My Tenant Won’t Pay Late Fees, Now What?

Written on June 14, 2017 by

People hate paying fees, whether they’re administrative fees, convenience fees, airline baggage fees—or late fees. For most people, paying fees feels unfair.

But late fees provide an incentive to pay the rent on time, and for good reason. When tenants pay rent late, not only is it inconvenient for you as a landlord, but it could disrupt your finances. You probably count on that money to pay your bills.

If you still aren’t collecting rent online, then you’re exposing yourself to additional rent collection issues. Tools like Cozy help keep tenants on track and paying on time. But you still might have to charge a late fee. When you have a valid reason for charging a late fee, your tenants might refuse to pay the extra money. What then?

Here’s what to do when your tenant won’t pay late fees.

1. Include a Late Fee Policy in Your Lease

Check the laws of your state to determine whether you’re restricted on how much of a late fee you can charge—or if you can even charge one—and how long you need to wait before you can start charging. Once you find out how to comply with your state’s laws, include the late policy in your lease. Otherwise, you can’t charge late fees at all.

You can’t just make up late fees after the fact.

While state laws vary, here are two guidelines that most states consider reasonable:

  • Wait a few days before you start charging late fees.
  • Keep the late fee at 5% (or below) the rental amount. For example, if rent is $1,500, the late fee shouldn’t be more than $75 for one month.

Here’s the late fee policy from my lease:

2. Have an ‘Allocation of Payments’ Clause in Your Lease

In addition to having a late fee clause in your lease, make it a term of the lease that any money you collect for rent for the next month will first go toward any unpaid fees from the prior month.

For example, say the rent is $1,500 a month, and your tenant paid rent late, accumulating $75 in late fees. They paid you only $1,500 instead of $1,575. Next month, your tenant pays on time, and pays $1,500. Because your lease clause states that unpaid late fees are paid first, you use the $1,500 to first pay the $75 from last month, and you apply the balance toward this month’s rent. Your tenant, therefore, would have paid you a partial rent payment of $1,425 for this month.

The reason for doing this? “It’s much easier to sue a tenant for unpaid rent than it is for an unpaid late fee,” says Lucas Hall, head of industry relations at Cozy and founder of Landlordology.

Here’s a clause Hall has in his lease:

3. Gently Remind Your Tenant

A tenant who “forgot” to pay the late fee probably falls under the same excuse category as “The dog ate my homework,” or “The check’s in the mail.” However, your tenant might really have forgotten to pay the late fee.

Whether your tenant pays you in cash, check, money order, or online, they might have been on autopilot and just paid the regular rent amount.

Assume the best. Let your tenant know that you received the rent but that they forgot to include the late fee. If it was an honest mistake, your tenant will likely let you know when you will receive the late fee payment—either now or with the next rent payment.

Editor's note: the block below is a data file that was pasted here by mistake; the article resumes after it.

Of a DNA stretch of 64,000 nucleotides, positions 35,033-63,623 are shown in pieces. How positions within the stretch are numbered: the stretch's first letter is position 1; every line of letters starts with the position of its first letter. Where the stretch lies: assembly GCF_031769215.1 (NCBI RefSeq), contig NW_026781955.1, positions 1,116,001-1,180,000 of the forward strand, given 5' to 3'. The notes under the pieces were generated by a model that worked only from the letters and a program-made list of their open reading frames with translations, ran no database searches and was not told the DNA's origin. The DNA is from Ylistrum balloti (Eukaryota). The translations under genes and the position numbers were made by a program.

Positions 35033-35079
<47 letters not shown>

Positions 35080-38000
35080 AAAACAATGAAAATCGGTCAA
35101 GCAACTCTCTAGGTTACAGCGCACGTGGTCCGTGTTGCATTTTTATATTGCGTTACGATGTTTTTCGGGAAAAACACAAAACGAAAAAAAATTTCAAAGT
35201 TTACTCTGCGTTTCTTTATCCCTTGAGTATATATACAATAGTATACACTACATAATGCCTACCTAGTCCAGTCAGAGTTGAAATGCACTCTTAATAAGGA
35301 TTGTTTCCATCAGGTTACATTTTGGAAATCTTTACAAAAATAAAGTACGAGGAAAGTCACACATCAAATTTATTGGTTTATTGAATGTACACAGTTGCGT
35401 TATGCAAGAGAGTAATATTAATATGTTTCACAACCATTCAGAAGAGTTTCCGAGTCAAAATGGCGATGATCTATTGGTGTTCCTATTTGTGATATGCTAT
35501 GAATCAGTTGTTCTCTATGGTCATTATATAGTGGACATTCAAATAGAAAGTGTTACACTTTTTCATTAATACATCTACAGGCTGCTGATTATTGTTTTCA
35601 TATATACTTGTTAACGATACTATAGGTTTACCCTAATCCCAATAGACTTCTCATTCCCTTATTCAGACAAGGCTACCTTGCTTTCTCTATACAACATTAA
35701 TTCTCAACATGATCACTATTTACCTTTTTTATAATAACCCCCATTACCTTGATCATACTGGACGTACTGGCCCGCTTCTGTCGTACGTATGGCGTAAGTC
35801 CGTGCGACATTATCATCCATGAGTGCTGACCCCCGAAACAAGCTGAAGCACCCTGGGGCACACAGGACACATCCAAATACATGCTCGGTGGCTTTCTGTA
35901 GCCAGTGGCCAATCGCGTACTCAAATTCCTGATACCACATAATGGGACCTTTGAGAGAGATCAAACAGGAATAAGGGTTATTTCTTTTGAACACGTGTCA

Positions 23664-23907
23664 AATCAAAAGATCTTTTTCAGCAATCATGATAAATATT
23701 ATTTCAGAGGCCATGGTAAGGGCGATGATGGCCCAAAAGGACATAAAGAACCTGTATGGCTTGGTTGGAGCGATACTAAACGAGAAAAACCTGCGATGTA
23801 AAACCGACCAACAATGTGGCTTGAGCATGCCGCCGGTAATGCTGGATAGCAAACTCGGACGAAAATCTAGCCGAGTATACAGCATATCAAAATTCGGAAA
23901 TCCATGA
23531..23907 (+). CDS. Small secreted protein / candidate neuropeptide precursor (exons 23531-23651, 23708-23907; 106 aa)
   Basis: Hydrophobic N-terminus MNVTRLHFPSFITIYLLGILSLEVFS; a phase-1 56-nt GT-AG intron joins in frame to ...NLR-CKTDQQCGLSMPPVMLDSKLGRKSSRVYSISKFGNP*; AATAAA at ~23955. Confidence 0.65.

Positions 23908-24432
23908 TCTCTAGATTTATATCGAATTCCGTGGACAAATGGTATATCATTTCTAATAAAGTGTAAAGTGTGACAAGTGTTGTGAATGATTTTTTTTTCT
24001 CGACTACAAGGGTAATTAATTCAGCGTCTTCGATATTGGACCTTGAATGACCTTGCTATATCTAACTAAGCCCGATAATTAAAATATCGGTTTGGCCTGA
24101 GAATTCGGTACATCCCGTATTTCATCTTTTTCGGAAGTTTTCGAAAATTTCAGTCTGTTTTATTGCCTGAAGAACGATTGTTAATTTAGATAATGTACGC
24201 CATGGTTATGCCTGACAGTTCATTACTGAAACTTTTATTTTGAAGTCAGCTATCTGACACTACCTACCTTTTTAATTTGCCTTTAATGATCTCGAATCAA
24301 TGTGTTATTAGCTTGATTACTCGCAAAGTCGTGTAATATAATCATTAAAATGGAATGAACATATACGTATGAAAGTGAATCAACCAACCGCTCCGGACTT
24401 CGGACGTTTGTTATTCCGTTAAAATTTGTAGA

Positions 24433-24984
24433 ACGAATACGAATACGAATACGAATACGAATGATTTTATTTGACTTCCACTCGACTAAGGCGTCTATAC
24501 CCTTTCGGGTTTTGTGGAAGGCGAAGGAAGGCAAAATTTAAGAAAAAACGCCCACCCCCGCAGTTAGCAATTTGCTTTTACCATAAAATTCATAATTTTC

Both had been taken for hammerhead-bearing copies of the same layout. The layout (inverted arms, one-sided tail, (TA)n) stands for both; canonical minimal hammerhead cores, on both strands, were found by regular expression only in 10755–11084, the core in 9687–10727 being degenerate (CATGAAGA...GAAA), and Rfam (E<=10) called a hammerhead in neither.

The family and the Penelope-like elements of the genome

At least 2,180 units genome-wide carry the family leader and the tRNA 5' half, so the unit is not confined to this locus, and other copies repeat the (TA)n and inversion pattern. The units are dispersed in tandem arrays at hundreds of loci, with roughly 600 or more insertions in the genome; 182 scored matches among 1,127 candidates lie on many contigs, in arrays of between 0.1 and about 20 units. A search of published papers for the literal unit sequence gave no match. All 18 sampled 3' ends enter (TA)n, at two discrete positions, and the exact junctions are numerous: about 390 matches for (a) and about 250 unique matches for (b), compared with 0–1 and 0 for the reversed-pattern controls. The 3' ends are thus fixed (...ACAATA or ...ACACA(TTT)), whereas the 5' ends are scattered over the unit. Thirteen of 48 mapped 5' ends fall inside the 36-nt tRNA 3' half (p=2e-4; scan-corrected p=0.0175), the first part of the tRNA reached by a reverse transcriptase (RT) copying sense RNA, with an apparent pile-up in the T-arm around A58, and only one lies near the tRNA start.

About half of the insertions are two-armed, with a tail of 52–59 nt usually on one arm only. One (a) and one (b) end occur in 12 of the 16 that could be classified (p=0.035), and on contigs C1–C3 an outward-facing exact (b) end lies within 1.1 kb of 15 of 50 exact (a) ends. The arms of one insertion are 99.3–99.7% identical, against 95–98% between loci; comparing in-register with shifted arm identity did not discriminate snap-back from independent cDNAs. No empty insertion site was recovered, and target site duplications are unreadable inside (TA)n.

If your tenant did not forget, however, and tells you that they don’t intend to pay the late fee or just never pays it, you might—if this is a tenant who’s never made a late payment before—let it slide this one time. Let them know that you expect rent on time from now on and that you will enforce the late fee policy if rent is late again.

4. Withhold the Fees from the Security Deposit

If you haven’t forgiven the late fee debt, and your tenant never did pay the late fees they owe you, you have one last recourse: You can take that money from the security deposit.

Remember that whenever you withhold security deposit money, you need to give your tenant a written account of the reason. In this case, document that they didn’t pay rent on time. Tell them which month(s) and the number of days they were late to explain how you arrived at the figure you’re withholding.

Is not paying late fees ever cause for eviction?

In most cases, you don’t want to evict just because you aren’t getting your late fees. As long as you’re getting your full rent each month, it’s usually not worth the hassle of evicting. But if your tenant continually pays rent late, you might not offer to renew the lease at lease renewal time.

Bottom Line

Understand that no one likes to pay fees. So make sure you have your late fee policy clearly spelled out in your lease and that your tenant is aware that you will charge a fee for paying rent late.

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14 CommentsLeave a Comment

  • Tracey

    Landlord charges a 30 late fee after 5 pm on the first of a month. Paid rent only and he is still charging me late fees for the unpaid late fees which is NOT mentioned in the lease. This is the lease info: “A late fee of 30.00 will be assessed for any rent paid after 5 pm on the first day of the month. Further, for every 3 days after the first day the rent is not paid another 30.00 will be assessed towards the balance due for that month. Charges due will become part of the rent and be due in the next rental payment.” Is this legal to do to residents in Stark County, Ohio?